Pacific Rim nations agreed that climate change was of "vital interest," but officials squabbled over whether their leaders should include energy efficiency targets in a statement at their annual summit.
As officials worked for a third day to craft a statement about climate change that would be acceptable to all 21 leaders at their weekend summit, familiar battle lines resurfaced over the issue of greenhouse gas emission targets.
The U.S. and Australia want leaders of the Asia Pacific Economic Cooperation group to embrace a new approach to climate change that would require China -- one of the world's biggest polluters -- and other developing countries to agree to reduction targets on greenhouse gases.
But developing Asian countries were opposing a U.S.-backed Australian plan for the APEC leaders to include targets in their statement. Those countries maintain that APEC, a consensus-based, trade-oriented group, is no place to discuss the details of a new approach to tackling global warming.
The specifics of Australia's plan were sketchy, but officials said they involved loosely defined aims to reduce "energy intensity" -- the amount of energy needed to produce one unit of gross domestic product -- rather than greenhouse gas emissions.
At a news conference with Australian Prime Minister John Howard, President Hu Jintao of China said Thursday that any APEC statement should make clear that U.N. negotiations "should remain the main channel for the international efforts to tackle climate change."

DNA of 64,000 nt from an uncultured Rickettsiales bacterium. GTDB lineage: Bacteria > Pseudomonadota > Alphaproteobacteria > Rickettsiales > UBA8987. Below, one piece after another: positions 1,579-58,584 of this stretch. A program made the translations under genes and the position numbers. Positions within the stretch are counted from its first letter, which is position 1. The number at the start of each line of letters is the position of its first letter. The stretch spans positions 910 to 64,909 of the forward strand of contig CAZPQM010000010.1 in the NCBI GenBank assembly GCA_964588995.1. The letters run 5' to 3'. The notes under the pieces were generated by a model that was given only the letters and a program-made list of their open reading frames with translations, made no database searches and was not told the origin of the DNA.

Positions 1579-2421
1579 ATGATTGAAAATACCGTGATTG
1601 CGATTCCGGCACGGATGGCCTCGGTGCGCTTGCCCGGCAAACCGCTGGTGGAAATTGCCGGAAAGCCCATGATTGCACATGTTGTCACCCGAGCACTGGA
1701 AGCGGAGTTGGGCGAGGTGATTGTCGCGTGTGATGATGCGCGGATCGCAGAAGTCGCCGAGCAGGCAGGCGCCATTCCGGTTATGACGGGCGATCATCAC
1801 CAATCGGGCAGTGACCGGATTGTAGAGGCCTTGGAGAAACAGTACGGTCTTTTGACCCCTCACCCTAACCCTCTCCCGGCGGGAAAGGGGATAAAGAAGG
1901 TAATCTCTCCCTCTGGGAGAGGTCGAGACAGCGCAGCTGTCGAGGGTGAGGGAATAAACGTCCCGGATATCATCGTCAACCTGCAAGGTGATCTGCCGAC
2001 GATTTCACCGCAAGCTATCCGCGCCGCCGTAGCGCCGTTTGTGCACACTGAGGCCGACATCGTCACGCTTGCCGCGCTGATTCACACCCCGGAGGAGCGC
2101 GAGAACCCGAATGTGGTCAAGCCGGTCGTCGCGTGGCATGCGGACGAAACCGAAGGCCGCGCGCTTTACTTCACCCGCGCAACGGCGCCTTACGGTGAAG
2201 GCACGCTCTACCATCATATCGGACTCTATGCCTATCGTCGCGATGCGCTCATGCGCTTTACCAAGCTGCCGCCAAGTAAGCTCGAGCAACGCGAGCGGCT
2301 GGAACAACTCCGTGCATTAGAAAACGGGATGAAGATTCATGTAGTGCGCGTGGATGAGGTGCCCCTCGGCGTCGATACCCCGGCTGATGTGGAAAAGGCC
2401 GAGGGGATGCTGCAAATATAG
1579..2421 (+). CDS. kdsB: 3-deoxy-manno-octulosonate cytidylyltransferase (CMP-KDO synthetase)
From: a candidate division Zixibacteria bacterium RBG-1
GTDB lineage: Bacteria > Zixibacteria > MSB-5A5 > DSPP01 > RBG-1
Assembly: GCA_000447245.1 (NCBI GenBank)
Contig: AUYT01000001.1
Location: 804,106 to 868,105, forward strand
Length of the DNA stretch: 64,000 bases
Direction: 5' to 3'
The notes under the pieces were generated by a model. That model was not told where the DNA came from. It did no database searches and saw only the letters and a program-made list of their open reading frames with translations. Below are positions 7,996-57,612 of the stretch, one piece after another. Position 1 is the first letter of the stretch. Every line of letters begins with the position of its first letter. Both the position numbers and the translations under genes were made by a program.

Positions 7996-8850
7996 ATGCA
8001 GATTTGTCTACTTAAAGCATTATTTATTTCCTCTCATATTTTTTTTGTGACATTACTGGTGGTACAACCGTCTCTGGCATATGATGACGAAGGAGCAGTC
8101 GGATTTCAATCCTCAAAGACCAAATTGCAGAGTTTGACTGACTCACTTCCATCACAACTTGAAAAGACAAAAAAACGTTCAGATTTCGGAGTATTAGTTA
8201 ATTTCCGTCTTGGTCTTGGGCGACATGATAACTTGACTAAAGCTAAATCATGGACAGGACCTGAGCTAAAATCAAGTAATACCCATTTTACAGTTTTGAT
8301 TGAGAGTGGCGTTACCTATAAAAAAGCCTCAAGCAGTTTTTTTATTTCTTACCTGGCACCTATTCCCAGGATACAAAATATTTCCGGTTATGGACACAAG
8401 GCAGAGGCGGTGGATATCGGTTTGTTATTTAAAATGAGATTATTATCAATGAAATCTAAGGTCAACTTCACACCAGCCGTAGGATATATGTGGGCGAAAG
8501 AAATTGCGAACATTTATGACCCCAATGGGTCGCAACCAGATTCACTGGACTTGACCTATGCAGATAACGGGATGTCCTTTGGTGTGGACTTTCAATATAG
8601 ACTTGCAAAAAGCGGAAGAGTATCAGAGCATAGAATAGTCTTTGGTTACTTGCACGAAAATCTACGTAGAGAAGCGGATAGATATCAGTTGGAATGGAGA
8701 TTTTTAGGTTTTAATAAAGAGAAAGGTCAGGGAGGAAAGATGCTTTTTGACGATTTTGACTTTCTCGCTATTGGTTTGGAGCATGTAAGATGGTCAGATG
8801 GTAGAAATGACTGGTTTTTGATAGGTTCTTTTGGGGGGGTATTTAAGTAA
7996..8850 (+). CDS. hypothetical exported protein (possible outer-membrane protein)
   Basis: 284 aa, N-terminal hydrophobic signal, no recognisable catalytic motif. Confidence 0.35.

Highlighting the gulf between the U.S.-backed and developing world positions, Hu said any APEC statement should recognize "common but differentiated responsibilities" -- meaning developing nations should not bear the same burden as developed ones in cutting emissions.
Australia achieved a step toward its aim of marking Sydney as the climate change APEC summit, however, when foreign and trade ministers included the subject in their concluding statement from two-days of talks on trade, security and other matters.
"Climate change, energy security and clean development are of vital interest to APEC economies and will be a key theme for APEC leaders," said the statement released Thursday, which is separate from the one being crafted for the leaders.
The ministers said they "welcomed initiatives that encourage individual economies to set goals and formulate action plans for improving energy efficiency."
The United Nations has called a meeting in Indonesia in December to start work on a successor to the 1997 Kyoto Protocol, which excludes developing nations for emission targets. The U.S. and Australia were the only industrialized countries to reject Kyoto, arguing that agreeing to emission targets for themselves while booming developing countries did not was unfair.
Foreign Minister Alexander Downer said the Australian proposal at APEC was not an attempt to "pre-empt" the U.N. framework, but an effort to get more nations to work together to curb global warming.
"We would like the world to move ... to a position where all countries make a common commitment to stabilizing and eventually reducing CO2 emissions," Downer told Australia's Nine Network television Thursday.